I’ve finally started watching “Star Trek: Enterprise,” and it’s not as bad as everyone said it was. Scott Bakula is always cool, and Jolene Blalock is hot in a Vulcan kind of way. There aren’t any lovable characters in it, though, and the dialog is the usual Berman and Braga crap. But I like the small, primitive nature of the ship, and it looks like an expensive production – those Xindi outfits with the Slinky wires all over them must have cost a fortune. And my favorite character, strangely enough, is the Andoran Commander Shran, kind of a cerulean Frank Borman. Cool guy - wouldn't mind having a drink with him sometime. My only gripe right now is that I sat through the entire third season – the whole season-long Xindi arc with the attack on Earth, the warring Xindi factions, the transdimensional beings, the anomalies, the whole damn thing – and the final episode didn’t record because my dogs chose that moment to chew through the FiOS cable. So the first episode of season four comes on, and all of a sudden the ship is orbiting Earth in the year 1944 while alien Nazis sit in the White House and we’re stuck in some kind of temporal war. What the hell did I miss? And don’t these folks ever get shore leave on some nice quiet planet? (And don’t even get me started on what a lazy crutch time travel is in “Star Trek.”)

Public Education in the 60s

Growing up in the Cold War had its advantages. I got to miss the whole last month of kindergarten because my Naval Reserve dad got called up for the Berlin crisis and we moved to Newport, Rhode Island to be near him. When I lived in Pacifica, California, on the coast south of San Francisco, we had four different school drills that we had to perform all the time: 1) the nuclear attack drill, where we all had to scrunch under our desk (which were somehow nuclear-bomb-proof, apparently); 2) fire drills which covered not only fires in the school, but what to do if the giant brush-covered hill in back of the school went up in flames; 3) earthquake drills, where all 35 of us would try to cram into a doorway (the strongest part in a building, we were told); and 4) the tidal wave drill. The last was our favorite – it consisted of running madly up into the hills, and about half of us just kept going until we got home. The school administration finally got smart and only scheduled the tidal wave drills for 3 PM on Fridays, the bastards. Between all those drills, and the time we spent twice a year running up the hill to watch the Enterprise head off to battle the godless Commies, we got precious little schoolwork done. Thank God for that.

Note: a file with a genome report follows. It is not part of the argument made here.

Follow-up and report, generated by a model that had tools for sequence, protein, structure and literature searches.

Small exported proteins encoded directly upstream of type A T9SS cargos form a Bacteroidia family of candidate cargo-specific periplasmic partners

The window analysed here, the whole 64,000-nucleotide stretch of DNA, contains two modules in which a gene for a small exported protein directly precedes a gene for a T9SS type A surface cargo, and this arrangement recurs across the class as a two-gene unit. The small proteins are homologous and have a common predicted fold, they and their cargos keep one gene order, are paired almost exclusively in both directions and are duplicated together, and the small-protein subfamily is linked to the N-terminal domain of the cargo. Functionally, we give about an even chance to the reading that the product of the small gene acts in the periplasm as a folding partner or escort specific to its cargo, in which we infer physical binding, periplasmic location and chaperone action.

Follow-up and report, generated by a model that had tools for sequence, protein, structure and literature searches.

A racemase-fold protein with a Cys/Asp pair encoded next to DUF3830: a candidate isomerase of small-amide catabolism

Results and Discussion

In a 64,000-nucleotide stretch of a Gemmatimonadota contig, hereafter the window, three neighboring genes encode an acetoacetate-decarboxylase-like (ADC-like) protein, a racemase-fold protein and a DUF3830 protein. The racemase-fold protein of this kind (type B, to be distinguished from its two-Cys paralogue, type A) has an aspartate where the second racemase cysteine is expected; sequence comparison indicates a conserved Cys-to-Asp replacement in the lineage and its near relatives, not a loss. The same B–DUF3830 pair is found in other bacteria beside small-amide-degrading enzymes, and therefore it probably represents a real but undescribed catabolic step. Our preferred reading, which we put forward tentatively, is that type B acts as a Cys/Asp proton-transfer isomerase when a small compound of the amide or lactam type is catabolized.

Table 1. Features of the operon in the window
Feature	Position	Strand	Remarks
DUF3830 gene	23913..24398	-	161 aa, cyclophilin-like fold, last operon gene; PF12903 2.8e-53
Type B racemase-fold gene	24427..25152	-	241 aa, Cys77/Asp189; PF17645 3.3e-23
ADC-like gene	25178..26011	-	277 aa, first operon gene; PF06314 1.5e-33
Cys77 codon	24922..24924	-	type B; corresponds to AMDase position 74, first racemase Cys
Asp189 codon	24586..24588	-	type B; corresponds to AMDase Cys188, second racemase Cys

Those Damn Foreigners

I have a small benign lump in the first joint of my right middle finger. When I was 5 or so, I misunderstood what the doctor said when my mom asked him about it – I thought he said it was “foreign matter.” So of course I thought it was Russian. I spent years waiting for the lump to rise up in a proletariat manner and smite me.